LEARN

More Australian para-athletes to watch out for – Tokyo Paralympics

More Australian para-athletes to watch out for – Tokyo Paralympics

Some athletes from the Australian Paralympic Team for Tokyo 2020 are born with disability, while others have become para-athletes after they came across accidents. Here is the last-minute quick guide to four athletes including a gold medalist from Rio 2016.

Lauren Parker, para-triathlon

Lauren was an elite athlete representing Australia at able-bodied competitions. In April 2017, she was training and riding her bike travelling at 45km/h when both her tyres blew, crashing into a guard rail. Among her multiple major injuries was paraplegia. After spending months in a hospital, going to San Diego for rehabilitation led her to focus on Paralympics.

“There were people far worse than I was and still competing in the triathlon. There were kids with no arms and legs, just running around on their thumbs and that is where I decided that I could also get back to the sport I loved,” said she in an interview with the International Paralympic Committee. Next year she started competing at international para-triathlon competitions and in 2019 she became the world champion. Getting closer to Tokyo 2020, she posts on social media, “It’s been a hard journey but nothing will stop me reaching my goals at Tokyo 2021 Paralympics.”

Curtis McGrath, para-canoe

Soldier turned sporting star, Curtis was serving as an Australian Army combat engineer in Afghanistan in 2012 when he stepped on an improvised explosive device, tragically losing both legs in the blast. Only twenty minutes after the losing his legs, Curtis had set his sights on the future and again representing his country. Rumour has it he said, “You’ll see me in the Paralympics”… After four years, the paracanoeist won gold at Rio, where he was selected to carry the flag at the Rio 2016 Paralympic Games Closing Ceremony.

Since Rio, Curtis has kept winning international competitions and is looking for gold in the kayak KL2 as well as the Va’a boats which have been added to the Tokyo 2020 program. In an interview with Paddle Australia, he said, “To stand on top of the podium will always be special, but to stand on top of the podium after everything that has happened in the last 12 months would be incredible.”

 

この投稿をInstagramで見る

 

Curtis McGrath(@curtmcgrath)がシェアした投稿

Ellie Cole, para-swimming

Australia’s Paralympic Swimming’s golden girl, four-time Paralympian Ellie Cole is a star swimmer with 18 Paralympics medals, including six gold. Ellie trains alongside her good friends, Australia’s superstar swimming sisters, Cate and Bronte Campbell.

Ellie began her Paralympics journey just eight weeks after her right leg was amputated as a result of cancer as a three-year-old. Her mother took her to swimming for rehabilitation and by 2006, Ellie was ready for her international debut. Ellie competes S9 100m freestyle, backstroke and more, winning an incredible number of titles. She was on the verge of retirement at London 2012 because of injuries. A reconstructive surgery on her both shoulders after the games helped pursue her passion. Rather than focusing on medals at Tokyo 2020, she says in an interview with 7 News, “I’m really just wanting to go there and leave Tokyo the fastest athlete that I can.”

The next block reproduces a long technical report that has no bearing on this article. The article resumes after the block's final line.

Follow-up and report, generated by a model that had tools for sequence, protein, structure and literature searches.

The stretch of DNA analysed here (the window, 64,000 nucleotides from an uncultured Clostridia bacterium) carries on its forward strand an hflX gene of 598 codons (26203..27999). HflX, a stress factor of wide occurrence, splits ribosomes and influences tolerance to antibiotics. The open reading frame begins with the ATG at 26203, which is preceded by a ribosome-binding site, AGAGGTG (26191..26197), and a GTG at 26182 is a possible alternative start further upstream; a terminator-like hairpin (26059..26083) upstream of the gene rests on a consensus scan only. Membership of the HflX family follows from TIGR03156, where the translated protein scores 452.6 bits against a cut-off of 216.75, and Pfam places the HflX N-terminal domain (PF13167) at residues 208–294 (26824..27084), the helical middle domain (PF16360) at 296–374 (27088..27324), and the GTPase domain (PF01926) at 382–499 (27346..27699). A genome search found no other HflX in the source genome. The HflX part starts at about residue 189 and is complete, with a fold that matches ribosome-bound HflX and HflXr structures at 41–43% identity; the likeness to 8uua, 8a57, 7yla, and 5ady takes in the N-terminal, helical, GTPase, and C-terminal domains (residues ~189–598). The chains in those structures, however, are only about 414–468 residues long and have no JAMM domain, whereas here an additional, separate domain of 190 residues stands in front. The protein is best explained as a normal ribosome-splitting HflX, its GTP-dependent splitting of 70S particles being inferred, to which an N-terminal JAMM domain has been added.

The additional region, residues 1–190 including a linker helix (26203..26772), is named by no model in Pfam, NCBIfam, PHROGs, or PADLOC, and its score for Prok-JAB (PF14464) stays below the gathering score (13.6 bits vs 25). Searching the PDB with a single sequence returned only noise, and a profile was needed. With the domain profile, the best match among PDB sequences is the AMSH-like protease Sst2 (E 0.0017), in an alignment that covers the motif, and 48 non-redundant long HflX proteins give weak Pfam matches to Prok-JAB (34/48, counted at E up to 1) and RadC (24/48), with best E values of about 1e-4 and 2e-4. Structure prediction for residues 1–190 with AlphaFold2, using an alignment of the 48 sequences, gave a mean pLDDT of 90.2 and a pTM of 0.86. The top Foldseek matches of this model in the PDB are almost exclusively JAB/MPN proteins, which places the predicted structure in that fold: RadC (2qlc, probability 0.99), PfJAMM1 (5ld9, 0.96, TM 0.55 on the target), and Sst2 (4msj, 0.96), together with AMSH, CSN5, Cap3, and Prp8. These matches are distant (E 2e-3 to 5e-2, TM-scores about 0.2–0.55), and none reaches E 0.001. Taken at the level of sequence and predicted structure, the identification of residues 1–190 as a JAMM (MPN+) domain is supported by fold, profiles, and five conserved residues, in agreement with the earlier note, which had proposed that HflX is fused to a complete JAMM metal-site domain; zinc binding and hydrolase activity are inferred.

Maintaining close ties with Japan, the gold medalist has had Japanese Paralympian Mei Ichinose at her house to train together and visited Rikkyo University in 2018 to meet Japanese swimmers and students.

 

この投稿をInstagramで見る

 

Ellie Cole(@elliecoleswim)がシェアした投稿

Jaryd Clifford, para-athletics

Jaryd is a rising long-distance runner who holds two world records in the T12 class (vision Impairment). After breaking his own record of 1500m with three minutes and 41.34 seconds in March 2021, he accidentally added a new achievement to his list.

Jaryd had been pacing a marathon for his teammate Michael Roeger and hadn’t planned on running the whole race but at 36kms in he realised he had enough energy to cross the finish line. Jaryd not only finished the marathon without training for it, both he and Michael set new world records for their categories, with Jaryd finishing in 2 hours 19 minutes.

Jaryd began to lose his eyesight at the age of three, when he was diagnosed early-onset vitelliform macular dystrophy. He competes both as a para-athlete and in able-bodied competitions such as the 2018 World U20 Championships.

At Tokyo 2020, he is competing in the 1500m, 5000m and marathon. Announcing his disciplines on social media, he posts, “I want to assure everyone that my focus has never wavered from the track. As crazy as it sounds, I will be racing the Marathon with the hope that I can replicate the spirit of my accidental 2:19:08 Marathon from earlier in the year.”

 

この投稿をInstagramで見る

 

Jaryd Clifford(@jarydclifford)がシェアした投稿

Recommended

Australian para-athletes to watch out for – two months to the Tokyo Paralympics

Australian wheelchair rugby and wheelchair basketball teams will take on Japan during the first week of Tokyo Paralympic Games

Read more

About Lauren Parker

Lauren Parker lives by her ‘never say I can’t’ attitude | International Paralympic Committee

Lauren Parker | Paralympics Australia

About Curtis McGrath

Curtis McGrath | International Paralympic Committee

Curt McGrath | Paralympics Australia

Curtis McGrath – A True Story of Triumph Over Tragedy

About Ellie Cole

Ellie Cole | International Paralympic Committee

Ellie Cole | Paralympics Australia

Paralympic gold medal-winning swimmers Daniel Dias and Ellie Cole visit Rikkyo University and mingle with students | Rikkyo University

About Jaryd Clifford

Jaryd Clifford | International Paralympic Committee

Jaryd Clifford | Paralympics Australia

Australians Michael Roeger, Jaryd Clifford break marathon world records ahead of Tokyo Paralympics – ABC News